Therapists Spill: My Thoughts On Change And How I Help Clients Get There
Change is pivotal in therapy. In fact, it’s the reason people seek professional help in the first place, according to Deborah Serani, Psy.D, a clinicial psychologist and author of the book Living with Depression. Sometimes, they want to change themselves. Other times they yearn to change others.
“I’m still surprised at the number of people who come to therapy to learn how to get someone else to change,” said Ryan Howes, Ph.D, a clinical psychologist and author of the popular blog “In Therapy.” “They want to know how to get their boss to talk to them differently, or want their wife to appreciate them more, or want their friends to be more considerate.”
Of course the only person you can change is yourself. That includes changing your beliefs, behaviors, reactions and patterns. As therapist Joyce Marter, LCPC, said, “In therapy, change may mean letting go of dysfunctional relationship patterns, irrational beliefs and self-sabotaging behaviors and then replacing them with a more positive, conscious and proactive mode of operation that leads to greater happiness, wellness and success.”
Why is Change so Hard?
According to clinical psychologist Christina G. Hibbert, PsyD, change is difficult because most people don’t know how to change, or we’re just not ready. She believes there are six stages of change, which are part of the “transtheoretical model of change.” This model demonstrates that change isn’t linear but a spiral. She said:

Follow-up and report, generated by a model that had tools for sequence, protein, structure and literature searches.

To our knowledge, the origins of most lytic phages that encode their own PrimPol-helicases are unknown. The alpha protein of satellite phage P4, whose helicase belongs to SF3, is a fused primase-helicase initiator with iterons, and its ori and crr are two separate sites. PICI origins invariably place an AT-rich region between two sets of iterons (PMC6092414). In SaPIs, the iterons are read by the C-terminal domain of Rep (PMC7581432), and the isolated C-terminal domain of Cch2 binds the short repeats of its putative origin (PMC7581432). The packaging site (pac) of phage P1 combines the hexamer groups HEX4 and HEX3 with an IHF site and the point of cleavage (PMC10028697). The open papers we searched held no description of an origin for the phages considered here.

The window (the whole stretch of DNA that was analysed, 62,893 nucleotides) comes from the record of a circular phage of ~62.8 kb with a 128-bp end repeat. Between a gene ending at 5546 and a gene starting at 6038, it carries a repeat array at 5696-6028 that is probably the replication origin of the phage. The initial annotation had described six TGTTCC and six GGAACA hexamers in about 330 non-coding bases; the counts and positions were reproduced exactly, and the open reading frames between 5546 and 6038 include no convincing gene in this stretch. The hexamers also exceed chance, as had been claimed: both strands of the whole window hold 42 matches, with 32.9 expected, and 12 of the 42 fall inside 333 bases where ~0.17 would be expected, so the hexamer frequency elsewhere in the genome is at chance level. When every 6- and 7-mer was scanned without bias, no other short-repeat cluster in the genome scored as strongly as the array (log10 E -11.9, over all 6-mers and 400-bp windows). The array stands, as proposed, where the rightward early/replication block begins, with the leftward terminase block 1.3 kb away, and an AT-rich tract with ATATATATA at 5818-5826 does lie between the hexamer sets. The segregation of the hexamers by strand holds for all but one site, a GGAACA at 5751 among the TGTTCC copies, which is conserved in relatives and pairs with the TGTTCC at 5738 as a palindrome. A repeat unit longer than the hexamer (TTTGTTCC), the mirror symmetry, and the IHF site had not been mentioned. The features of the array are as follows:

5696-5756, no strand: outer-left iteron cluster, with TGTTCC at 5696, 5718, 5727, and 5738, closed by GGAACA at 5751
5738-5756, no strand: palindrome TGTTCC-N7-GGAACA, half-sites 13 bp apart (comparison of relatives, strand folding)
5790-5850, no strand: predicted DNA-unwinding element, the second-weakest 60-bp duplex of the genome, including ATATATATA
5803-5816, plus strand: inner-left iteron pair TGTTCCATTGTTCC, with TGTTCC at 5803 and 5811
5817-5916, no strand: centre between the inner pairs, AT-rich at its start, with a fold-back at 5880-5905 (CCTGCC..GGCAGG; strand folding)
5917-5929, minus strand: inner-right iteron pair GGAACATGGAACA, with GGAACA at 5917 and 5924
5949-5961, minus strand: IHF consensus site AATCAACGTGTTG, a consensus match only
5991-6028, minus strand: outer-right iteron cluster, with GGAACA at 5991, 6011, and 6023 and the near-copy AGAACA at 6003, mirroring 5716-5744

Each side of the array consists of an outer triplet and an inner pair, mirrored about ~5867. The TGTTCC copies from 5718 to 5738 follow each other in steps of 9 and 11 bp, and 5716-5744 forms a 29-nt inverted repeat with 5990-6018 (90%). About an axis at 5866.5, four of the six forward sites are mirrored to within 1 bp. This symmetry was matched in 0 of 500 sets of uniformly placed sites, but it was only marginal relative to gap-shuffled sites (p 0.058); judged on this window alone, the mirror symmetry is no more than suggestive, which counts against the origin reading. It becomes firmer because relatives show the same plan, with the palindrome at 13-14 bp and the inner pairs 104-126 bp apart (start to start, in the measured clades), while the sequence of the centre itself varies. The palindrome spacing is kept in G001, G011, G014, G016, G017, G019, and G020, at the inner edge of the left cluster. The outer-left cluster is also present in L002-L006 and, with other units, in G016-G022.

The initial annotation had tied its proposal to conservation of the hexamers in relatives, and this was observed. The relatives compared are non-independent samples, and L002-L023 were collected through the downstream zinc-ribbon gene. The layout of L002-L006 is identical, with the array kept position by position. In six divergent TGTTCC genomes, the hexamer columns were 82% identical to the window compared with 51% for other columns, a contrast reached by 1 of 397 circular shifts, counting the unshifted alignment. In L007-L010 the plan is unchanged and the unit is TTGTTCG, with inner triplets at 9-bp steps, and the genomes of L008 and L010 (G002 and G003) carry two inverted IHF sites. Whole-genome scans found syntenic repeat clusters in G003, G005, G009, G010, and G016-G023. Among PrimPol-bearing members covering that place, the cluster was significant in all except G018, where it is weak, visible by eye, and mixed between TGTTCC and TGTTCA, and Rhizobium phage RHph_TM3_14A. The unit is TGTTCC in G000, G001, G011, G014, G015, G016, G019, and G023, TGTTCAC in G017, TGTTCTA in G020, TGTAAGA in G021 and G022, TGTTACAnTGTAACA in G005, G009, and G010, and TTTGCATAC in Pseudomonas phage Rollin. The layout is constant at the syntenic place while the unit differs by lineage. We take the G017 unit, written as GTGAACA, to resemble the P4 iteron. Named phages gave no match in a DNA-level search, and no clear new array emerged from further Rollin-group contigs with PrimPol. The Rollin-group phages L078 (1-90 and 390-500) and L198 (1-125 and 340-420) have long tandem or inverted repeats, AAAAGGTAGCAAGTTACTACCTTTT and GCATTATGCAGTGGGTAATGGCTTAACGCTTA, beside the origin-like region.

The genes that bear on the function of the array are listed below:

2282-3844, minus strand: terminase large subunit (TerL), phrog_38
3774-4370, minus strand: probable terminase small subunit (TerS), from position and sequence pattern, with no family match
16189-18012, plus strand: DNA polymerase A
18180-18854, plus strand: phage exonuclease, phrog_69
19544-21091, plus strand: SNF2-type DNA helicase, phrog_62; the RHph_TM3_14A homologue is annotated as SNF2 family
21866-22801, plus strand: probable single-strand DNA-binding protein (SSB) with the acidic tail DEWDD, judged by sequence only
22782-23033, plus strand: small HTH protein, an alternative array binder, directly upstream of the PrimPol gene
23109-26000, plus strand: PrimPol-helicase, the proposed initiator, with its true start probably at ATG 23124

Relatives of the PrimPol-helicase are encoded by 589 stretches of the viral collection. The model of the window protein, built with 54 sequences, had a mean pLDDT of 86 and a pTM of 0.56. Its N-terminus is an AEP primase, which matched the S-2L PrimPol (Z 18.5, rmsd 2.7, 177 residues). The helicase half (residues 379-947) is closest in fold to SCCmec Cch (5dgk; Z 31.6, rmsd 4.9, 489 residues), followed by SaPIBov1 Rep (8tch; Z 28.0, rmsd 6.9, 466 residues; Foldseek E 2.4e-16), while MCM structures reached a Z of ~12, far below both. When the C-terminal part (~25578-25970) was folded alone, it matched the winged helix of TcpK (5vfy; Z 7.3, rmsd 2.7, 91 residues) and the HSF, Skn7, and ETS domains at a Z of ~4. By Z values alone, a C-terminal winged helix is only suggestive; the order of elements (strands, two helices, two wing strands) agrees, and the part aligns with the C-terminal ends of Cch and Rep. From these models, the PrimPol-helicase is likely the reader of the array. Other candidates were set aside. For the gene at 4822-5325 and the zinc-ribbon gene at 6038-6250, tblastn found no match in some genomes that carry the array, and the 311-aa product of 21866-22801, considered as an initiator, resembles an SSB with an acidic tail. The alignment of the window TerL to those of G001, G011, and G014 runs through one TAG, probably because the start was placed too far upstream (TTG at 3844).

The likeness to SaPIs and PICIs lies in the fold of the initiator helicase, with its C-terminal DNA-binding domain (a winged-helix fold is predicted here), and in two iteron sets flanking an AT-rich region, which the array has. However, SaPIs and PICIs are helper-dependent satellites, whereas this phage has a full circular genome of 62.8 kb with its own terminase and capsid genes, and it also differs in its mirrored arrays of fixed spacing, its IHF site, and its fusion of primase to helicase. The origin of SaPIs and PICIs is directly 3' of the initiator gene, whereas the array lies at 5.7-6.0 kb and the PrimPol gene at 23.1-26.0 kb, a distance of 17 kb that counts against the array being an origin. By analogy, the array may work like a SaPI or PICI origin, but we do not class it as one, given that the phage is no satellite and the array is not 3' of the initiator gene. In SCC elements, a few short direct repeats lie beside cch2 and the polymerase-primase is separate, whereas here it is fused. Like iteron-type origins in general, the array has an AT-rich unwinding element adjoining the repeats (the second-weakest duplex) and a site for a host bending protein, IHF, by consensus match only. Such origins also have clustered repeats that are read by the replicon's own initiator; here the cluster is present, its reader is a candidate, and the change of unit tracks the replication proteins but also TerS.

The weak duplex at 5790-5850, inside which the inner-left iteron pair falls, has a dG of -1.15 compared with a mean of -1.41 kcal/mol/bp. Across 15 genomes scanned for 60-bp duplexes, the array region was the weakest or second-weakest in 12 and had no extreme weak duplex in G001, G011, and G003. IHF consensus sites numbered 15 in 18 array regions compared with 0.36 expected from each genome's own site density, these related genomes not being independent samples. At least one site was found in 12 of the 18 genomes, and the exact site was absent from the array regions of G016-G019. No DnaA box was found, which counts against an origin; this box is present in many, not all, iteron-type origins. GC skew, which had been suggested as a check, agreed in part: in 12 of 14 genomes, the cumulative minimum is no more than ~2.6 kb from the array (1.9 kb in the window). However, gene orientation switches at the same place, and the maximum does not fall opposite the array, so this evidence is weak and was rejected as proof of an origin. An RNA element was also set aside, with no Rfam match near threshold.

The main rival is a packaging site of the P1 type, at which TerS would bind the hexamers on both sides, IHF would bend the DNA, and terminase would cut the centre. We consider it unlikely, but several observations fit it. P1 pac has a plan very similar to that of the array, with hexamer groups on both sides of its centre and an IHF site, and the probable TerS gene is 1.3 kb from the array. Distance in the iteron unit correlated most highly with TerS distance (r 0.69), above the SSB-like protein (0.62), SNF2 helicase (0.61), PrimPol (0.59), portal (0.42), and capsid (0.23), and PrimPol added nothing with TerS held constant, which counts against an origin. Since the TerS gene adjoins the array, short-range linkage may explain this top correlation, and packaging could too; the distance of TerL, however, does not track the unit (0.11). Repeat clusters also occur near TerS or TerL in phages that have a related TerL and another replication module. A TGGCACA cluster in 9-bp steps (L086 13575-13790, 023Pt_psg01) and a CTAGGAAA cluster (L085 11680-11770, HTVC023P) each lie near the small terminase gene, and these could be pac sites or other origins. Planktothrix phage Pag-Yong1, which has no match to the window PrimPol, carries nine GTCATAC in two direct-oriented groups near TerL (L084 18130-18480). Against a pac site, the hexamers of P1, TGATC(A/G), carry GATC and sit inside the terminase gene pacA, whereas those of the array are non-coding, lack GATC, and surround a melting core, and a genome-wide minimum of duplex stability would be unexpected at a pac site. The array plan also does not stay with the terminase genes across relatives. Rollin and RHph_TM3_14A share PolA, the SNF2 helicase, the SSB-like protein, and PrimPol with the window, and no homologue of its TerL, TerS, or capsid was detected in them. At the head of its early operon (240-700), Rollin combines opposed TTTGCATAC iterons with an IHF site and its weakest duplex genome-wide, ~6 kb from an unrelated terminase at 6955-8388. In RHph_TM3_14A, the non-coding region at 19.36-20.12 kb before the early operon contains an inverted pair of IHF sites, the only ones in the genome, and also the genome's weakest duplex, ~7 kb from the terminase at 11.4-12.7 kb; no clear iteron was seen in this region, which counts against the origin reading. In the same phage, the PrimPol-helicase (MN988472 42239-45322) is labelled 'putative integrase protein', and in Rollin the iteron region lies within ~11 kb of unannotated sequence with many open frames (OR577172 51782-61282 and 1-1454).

Most people spiral up and down the six stages of change several times before they actually make change that lasts. That’s just part of the nature of change.
As I always say, “As long as you’re in the spiral, you’re making progress. It doesn’t matter whether you’re spiraling up or down, what counts is that you keep on working.” Teaching this to my clients helps them see they’re actually doing better than they think.
(Hibbert explains the model in this post.)
Sometimes change isn’t really what you want. Howes gave an example of a husband who thought he wanted his wife to change.
I’ve worked with couples who claimed to want changes from their partner, but when change happens they want the old familiar dynamic back. A husband wants his wife to be more social, for example, but when she branches out he feels jealous and wants the homebody back. I encourage couples to be clear about the change they ask for, and prepared for that change to occur.
We also gravitate toward the familiar, and fear the unfamiliar, said Marter, owner of the counseling practice Urban Balance. “Change can be scary because people fear the unknown, perceived loss of relationships or the risk of failure.”
Howes quoted the common saying: “The devil we know is better than the devil we don’t.”